My two cents. Applying these sorts of political slants to what should be a purely technical assessment (I have no first hand knowledge of the testing and no particular dog in the fight, but it seems to me they can’t all be right on the assessment) is inherent to decisions related to public goods and is a reason (among many) why I wish we would start transitioning to a regulatory regime that more closely mimicked private property.
(link) Effectively the same Motorola story as above, but this link has a line I want to discuss further.
Sharkey calls the tech “absolute, solid protection,” which should make members of the white space coalition happy — though we haven’t heard positive word from Philips, Adaptrum and InfoComm yet, who were also testing devices alongside Motorola, but aren’t using the geolocation technology. That, and the FCC has the final word on all of this, so we’ll just have to wait for that word from on high before we start riotous, interference free partying in the streets
The emphasis was in the original. There was a paper submitted to DySPAN that I wanted accepted (though not a very good paper and not anyone’s I know so ’twas rejected) which unwittingly made what I think is an important point – if 1) a primary user is turning off and on at unpredefined times and 2) is not helping secondary users (via a beacon or via any other method), then 3) secondary users will have to detect the presence of the primary when it starts transmitting. This then means that you simply can’t have assurances of interference-free operation if you want the secondary system to have any sort of useful throughput.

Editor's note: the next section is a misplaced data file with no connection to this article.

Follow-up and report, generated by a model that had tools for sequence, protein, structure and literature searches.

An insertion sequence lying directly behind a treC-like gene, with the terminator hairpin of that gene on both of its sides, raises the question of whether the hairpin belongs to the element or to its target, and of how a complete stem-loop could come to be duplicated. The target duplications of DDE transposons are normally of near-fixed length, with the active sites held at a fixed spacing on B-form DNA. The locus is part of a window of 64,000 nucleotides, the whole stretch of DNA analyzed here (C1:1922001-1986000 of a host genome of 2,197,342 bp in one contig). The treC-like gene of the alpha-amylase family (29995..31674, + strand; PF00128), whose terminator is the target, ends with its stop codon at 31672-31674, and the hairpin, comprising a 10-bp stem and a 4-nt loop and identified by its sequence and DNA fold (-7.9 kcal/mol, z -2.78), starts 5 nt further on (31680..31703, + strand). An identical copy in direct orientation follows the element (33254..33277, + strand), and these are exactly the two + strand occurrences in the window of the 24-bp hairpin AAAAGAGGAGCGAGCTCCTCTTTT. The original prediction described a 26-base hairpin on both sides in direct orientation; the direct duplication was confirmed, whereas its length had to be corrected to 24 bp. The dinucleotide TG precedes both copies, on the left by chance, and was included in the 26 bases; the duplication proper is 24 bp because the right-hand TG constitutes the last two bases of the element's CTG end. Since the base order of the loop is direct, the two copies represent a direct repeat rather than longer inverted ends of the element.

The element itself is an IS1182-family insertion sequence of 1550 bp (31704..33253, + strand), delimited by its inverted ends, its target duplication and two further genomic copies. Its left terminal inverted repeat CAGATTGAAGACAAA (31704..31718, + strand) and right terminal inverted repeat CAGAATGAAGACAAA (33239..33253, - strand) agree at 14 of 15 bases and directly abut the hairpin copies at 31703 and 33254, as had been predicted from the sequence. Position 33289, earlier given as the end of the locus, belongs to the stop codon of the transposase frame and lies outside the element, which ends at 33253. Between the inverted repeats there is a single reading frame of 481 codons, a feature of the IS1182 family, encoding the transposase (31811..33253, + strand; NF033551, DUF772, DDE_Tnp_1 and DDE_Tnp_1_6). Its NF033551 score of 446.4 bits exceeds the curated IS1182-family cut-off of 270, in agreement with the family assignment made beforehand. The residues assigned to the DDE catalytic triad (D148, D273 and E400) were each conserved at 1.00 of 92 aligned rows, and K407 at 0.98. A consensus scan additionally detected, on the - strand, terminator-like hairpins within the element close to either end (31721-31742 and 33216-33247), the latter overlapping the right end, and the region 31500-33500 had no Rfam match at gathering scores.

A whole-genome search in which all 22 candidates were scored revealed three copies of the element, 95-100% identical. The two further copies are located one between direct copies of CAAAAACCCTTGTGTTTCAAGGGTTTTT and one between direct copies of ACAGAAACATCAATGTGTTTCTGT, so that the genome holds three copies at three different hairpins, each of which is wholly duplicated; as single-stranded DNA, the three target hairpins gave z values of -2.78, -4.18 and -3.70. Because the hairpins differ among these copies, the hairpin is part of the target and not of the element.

In practice, this means if we are constrained to detecting wireless mics via detection methods only, we will not be able to guarantee interference-free operation.
On a related note, I think IEEE USA did a real disservice to cognitive radio with their advocacy as it sets up the technology to fail by suggesting an impractical condition is inherent to the concept of cognitive radio.
By definition, CRs should be inherently non-interfering on a completely independent basis.